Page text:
Suicide Prevention

Tuesday the 10th of September is World Suicide Prevention Day.  

With the sad passing of our former player, Chris Mitchell who sadly took his own life in 2016, suicide has effected a lot of people at the Club.  In some ways it is fitting that on Saturday we take on Clyde, Chris' last club in the Tunnock's Caramel Wafer Cup. 

On average two people die by suicide every day in Scotland. That’s tragic and preventable. We also know one in three people who take their own life have had no contact with any specialist services before they die. We need to change that dramatically.

Some key things to remember:-

  • Sadly, the suicide rate went up in Scotland last year 
  • Never has it been more important to talk about how we are feeling 
  • One in three of us will experience poor mental health this year 
  • Know that help and support is available 
  • These new films provide practical advice 
  • If you are in crisis, the Samaritans are available 24/7 via 116 123 


Football clubs across Scotland will be among the first to receive a new mental health and suicide prevention training resource for players, staff and community networks.

Funded by the Scottish Government and created by NHS Education for Scotland and NHS Health Scotland, the online resource will be shared with all 42 professional football clubs, along with 300 mental health first aiders working at around 80 football organisations throughout the country.

It will also be shared across all junior, youth, women’s, amateur and para-football leagues and clubs, reaching around 190,000 players.

The training, which is part of the Scottish Government’s Suicide Prevention Action Plan, will also be distributed to all local authorities and will be included in NHS health board workforce development planning from June 2019.

Mental Health Minister Clare Haughey said: “We must ensure that mental health is given parity with physical health, and our new online resource is a significant step and a key part of our suicide prevention plan, which aims to reduce suicide in Scotland by 20% by 2022.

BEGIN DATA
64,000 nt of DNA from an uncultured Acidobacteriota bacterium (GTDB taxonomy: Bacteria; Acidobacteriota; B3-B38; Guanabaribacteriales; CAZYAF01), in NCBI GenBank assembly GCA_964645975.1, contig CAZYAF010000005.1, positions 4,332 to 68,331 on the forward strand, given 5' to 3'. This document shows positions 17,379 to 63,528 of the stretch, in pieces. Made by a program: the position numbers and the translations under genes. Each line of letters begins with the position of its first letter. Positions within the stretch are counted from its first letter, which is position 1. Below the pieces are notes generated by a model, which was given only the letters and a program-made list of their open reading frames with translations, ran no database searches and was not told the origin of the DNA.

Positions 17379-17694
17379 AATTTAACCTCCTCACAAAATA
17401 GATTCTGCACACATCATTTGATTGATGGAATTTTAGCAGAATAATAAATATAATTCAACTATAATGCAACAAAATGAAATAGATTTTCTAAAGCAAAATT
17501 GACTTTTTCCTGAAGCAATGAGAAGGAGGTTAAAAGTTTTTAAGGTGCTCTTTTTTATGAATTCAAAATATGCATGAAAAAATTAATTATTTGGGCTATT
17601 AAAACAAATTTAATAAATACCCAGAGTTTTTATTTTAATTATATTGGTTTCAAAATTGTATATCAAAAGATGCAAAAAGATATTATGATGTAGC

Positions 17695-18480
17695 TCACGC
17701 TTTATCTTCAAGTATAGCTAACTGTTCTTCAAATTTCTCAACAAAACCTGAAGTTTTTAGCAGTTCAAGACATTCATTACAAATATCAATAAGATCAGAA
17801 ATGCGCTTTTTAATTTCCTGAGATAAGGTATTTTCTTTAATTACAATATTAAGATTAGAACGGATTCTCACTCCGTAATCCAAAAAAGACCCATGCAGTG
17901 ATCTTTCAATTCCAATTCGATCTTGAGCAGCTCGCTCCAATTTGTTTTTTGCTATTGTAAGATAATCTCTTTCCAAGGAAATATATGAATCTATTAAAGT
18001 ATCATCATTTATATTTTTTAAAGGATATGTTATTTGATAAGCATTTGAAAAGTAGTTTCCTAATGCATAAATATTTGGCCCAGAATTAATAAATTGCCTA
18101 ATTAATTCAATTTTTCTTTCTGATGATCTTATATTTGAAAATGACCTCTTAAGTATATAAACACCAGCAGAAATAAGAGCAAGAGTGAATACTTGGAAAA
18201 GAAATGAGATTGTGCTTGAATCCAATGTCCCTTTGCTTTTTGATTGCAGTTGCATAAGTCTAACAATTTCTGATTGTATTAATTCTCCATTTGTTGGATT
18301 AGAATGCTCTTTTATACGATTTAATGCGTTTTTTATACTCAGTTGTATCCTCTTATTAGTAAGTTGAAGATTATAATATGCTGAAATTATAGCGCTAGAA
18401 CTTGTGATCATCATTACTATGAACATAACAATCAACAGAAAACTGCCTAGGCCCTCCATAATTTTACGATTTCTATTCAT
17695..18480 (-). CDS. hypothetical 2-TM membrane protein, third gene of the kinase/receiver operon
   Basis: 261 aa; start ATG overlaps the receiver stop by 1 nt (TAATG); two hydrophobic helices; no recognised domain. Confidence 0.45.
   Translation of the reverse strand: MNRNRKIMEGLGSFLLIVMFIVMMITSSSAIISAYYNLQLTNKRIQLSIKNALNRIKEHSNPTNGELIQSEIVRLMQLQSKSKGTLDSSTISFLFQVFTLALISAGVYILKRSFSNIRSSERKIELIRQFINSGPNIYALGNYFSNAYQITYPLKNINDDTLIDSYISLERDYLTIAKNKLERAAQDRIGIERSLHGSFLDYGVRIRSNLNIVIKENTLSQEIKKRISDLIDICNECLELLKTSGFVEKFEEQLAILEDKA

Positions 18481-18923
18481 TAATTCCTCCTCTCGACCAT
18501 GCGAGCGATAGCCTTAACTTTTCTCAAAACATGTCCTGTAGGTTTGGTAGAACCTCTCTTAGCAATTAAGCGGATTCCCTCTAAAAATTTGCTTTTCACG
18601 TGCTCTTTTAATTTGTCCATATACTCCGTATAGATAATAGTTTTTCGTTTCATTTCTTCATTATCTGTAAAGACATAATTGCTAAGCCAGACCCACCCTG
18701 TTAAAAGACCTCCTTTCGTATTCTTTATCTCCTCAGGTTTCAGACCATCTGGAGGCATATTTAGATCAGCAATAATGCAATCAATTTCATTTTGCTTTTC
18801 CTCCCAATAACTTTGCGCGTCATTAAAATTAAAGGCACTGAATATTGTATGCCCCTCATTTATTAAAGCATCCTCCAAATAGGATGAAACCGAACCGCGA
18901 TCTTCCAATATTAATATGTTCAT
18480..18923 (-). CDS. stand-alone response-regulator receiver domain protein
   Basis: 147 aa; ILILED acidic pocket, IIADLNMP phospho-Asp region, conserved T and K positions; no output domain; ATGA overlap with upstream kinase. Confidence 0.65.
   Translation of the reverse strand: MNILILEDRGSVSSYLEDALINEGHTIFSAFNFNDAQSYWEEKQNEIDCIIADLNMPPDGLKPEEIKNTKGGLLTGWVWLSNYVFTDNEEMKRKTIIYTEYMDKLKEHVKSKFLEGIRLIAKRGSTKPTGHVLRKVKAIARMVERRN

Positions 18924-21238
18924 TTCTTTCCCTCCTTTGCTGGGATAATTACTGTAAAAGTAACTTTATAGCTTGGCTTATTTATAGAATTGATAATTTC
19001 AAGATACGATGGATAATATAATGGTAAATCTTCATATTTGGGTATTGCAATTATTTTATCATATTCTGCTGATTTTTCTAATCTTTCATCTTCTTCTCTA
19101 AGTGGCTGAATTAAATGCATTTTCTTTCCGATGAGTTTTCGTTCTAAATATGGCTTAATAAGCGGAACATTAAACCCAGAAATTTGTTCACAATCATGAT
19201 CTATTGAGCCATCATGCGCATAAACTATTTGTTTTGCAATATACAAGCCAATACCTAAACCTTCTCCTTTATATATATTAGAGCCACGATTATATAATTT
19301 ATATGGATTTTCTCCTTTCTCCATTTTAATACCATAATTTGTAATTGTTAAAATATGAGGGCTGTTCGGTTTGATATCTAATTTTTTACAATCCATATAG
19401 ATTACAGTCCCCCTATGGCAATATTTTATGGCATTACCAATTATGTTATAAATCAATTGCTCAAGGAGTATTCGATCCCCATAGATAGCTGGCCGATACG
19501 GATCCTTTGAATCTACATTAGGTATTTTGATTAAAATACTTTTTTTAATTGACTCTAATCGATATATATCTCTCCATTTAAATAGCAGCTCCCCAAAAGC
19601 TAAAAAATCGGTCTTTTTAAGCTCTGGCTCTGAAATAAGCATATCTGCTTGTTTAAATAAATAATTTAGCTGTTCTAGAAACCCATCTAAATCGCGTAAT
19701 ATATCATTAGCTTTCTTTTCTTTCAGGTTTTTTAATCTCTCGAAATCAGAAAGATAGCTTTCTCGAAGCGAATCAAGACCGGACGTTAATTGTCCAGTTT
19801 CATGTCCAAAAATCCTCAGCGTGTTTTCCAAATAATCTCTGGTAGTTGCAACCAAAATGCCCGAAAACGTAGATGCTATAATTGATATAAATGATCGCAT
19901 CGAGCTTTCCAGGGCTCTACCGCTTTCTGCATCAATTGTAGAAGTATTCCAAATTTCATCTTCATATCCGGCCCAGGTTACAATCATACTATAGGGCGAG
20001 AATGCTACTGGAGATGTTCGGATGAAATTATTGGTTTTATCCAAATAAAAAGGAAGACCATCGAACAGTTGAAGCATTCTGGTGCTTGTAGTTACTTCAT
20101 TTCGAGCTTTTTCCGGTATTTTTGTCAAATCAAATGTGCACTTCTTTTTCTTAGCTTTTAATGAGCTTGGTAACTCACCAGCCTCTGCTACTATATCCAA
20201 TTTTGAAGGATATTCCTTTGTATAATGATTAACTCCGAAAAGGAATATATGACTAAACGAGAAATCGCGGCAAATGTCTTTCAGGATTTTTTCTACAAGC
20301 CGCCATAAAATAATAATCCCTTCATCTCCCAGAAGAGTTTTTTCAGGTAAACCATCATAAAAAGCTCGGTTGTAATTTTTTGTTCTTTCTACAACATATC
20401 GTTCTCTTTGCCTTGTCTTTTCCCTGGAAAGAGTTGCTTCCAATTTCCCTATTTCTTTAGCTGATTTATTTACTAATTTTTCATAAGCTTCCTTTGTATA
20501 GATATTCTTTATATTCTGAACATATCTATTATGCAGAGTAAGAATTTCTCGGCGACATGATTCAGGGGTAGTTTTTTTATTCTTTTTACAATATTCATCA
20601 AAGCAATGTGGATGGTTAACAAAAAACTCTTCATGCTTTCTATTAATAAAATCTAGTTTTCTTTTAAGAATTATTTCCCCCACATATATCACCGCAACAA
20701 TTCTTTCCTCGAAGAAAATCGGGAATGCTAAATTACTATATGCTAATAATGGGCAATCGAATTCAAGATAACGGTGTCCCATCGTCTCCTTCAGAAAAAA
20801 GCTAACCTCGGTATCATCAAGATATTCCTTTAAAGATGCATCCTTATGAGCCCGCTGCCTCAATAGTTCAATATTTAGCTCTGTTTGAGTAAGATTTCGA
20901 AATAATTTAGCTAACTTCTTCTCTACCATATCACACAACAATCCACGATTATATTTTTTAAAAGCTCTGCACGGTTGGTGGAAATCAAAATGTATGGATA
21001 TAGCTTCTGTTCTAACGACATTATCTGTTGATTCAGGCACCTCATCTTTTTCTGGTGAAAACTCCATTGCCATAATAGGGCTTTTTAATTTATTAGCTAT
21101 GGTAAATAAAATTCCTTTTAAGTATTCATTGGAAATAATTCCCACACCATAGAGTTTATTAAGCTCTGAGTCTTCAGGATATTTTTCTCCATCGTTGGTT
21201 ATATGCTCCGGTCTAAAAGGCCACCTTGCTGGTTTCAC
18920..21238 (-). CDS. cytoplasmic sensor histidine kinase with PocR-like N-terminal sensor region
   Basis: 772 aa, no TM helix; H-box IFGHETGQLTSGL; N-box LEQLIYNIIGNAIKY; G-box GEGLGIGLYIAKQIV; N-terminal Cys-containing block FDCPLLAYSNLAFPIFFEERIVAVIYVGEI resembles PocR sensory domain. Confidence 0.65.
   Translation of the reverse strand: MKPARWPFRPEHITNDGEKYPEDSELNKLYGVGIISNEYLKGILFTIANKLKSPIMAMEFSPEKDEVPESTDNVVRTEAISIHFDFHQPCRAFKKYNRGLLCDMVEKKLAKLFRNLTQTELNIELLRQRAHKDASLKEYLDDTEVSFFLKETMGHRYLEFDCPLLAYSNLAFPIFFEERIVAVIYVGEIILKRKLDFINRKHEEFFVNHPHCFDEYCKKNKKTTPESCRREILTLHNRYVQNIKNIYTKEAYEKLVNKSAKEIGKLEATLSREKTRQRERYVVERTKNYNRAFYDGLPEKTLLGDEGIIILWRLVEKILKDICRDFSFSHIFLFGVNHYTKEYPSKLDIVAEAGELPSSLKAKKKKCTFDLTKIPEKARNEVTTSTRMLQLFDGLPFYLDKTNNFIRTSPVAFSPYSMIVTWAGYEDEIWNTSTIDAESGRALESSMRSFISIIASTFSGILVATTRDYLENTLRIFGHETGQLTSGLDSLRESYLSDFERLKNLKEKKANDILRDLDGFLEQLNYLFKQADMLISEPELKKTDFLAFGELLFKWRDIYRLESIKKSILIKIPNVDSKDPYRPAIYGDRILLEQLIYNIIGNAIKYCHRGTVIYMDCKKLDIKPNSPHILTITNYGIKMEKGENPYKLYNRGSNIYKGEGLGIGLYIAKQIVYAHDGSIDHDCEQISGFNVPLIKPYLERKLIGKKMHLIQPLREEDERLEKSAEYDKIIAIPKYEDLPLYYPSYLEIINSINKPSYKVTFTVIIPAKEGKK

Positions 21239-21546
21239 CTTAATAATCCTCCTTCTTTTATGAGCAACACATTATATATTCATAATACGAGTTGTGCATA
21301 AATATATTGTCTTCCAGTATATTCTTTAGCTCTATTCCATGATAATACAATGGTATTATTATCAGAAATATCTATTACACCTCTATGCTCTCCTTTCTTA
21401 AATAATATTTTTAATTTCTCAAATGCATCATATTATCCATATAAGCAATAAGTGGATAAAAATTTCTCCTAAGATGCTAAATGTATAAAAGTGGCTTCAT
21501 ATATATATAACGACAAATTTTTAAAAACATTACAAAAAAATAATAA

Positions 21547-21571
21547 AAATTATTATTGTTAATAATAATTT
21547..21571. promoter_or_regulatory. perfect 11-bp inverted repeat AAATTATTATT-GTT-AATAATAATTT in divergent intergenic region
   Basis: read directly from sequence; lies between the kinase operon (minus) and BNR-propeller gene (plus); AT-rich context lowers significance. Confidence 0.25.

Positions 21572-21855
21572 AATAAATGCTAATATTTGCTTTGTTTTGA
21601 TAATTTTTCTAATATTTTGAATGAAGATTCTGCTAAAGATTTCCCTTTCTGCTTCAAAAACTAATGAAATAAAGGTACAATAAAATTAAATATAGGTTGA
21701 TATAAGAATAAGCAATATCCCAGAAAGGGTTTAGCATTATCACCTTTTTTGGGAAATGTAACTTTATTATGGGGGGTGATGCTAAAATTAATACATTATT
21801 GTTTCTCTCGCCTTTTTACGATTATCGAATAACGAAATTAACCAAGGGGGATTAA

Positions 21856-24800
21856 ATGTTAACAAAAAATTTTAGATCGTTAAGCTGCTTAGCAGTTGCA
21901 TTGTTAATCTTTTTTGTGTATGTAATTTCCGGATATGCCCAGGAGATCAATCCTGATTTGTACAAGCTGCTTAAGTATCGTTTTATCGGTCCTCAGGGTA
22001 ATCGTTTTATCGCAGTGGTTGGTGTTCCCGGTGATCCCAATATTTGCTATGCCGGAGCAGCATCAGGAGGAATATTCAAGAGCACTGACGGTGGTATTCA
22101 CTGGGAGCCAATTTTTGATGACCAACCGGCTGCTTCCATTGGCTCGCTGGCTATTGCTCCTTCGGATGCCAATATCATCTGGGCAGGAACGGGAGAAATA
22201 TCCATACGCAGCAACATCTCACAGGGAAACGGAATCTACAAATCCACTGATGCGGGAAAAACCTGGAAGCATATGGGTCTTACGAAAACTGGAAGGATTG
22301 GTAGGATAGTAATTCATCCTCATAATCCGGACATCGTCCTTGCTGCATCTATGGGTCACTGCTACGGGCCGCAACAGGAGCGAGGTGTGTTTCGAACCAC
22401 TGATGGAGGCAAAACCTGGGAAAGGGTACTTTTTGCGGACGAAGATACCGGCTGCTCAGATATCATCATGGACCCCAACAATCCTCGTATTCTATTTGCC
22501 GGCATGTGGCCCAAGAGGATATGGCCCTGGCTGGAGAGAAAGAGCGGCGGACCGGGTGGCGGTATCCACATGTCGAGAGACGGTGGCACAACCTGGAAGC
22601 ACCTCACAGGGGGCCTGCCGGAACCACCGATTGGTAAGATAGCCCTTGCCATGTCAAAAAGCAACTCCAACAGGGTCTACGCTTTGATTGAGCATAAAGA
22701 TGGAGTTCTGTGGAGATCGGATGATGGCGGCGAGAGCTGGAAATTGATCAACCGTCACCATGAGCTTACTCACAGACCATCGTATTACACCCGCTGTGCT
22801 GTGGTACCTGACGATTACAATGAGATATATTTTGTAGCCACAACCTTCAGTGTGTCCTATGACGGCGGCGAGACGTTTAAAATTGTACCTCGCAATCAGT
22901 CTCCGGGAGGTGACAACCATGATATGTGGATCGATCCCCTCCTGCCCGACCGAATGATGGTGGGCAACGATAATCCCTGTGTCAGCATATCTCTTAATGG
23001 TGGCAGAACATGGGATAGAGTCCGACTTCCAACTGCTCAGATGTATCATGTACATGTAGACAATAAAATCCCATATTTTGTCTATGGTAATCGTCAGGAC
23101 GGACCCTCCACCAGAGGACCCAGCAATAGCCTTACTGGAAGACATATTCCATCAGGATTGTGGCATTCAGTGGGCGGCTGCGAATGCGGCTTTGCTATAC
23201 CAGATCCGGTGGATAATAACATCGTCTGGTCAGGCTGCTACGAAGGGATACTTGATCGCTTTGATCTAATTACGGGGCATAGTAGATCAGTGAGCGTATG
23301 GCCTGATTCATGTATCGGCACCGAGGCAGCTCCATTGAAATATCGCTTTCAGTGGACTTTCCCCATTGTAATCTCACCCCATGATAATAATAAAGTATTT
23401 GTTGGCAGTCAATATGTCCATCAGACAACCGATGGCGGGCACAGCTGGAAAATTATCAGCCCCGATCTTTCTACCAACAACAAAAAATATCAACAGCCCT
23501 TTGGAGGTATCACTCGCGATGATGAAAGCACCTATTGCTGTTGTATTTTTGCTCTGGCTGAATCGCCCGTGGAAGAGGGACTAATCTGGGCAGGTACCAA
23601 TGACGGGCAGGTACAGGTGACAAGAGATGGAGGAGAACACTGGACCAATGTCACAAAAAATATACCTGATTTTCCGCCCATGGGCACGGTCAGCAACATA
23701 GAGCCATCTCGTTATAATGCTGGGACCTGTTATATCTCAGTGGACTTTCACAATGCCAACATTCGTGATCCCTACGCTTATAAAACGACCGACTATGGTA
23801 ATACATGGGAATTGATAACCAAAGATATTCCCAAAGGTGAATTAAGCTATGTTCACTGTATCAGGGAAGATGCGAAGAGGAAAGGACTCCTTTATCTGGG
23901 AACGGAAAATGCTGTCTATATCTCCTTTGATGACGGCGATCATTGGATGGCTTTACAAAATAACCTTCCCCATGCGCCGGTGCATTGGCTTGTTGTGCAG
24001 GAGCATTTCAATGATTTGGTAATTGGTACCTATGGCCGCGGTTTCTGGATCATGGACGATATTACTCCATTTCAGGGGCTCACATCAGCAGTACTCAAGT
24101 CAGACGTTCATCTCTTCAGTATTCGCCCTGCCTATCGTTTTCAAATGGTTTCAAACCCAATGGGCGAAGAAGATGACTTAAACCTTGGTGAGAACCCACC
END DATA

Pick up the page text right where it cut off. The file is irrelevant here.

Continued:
“We want to create a Scotland where suicide is preventable, and where anyone contemplating suicide or who has lost a loved one gets the support they need. I’d like to thank the Scottish Professional Football League (SPFL) and the Scottish FA who will be among the first to make this available to players and staff.

“I’d also like to thank Scotland’s councils for their commitment to take this training to almost 250,000 local authority workers across the country. Our approach recognises the need to work together across sectors and organisations to identify and support people in distress, strengthen communities, and save lives.”

Neil Doncaster, SPFL chief executive, added: “The SPFL and its clubs are proud to be able to play a part in this ground-breaking initiative. It’s vital that mental health issues are given the prominence they deserve, and that more people are encouraged to seek the support and treatment they require.”

SPFL Trust chief executive Nicky Reid, who also sits on the Scottish Government’s National Suicide Prevention Leadership Group, said:  “We are happy that Scottish football is able to support the dissemination of this new suicide prevention training resource to our clubs across the country.

“Every football club in Scotland has now participated in our programme of mental health first aid training, with nearly 400 now trained in our partnership with the Chris Mitchell Foundation and Positive Mental Health Scotland.

“We’re also pleased with the progress of our ongoing pilot projects with Hibernian, Heart of Midlothian, Movember Foundation and SAMH which have delivered The Changing Room – our project supporting football fans who are at risk of poor mental health by creating a safe space within their clubs. We are working with SAMH to look at ways to expand this programme.

“Our commitment to the wellbeing of staff, players, and supporters has never been stronger.”

A short series of five minute animations designed to inform people about the importance of conversations around mental health have been produced by The Scottish Government & NHS Scotland. They can be found via Twitter and Facebook. 

On Twitter The links are: 

Look after your mental health: 

Have a conversation about mental health: 

Every life matters:

And on Facebook, friendly versions of all 3 films can be found at the link below. 

These can be found in this folder: 

Football recognises that poor mental health could affect us all - fans, players, coaches, backroom staff, volunteers, administrators; our communities. We fundamentally believe that suicide is everyone’s business.

Together, we can reach hundreds of thousands of people!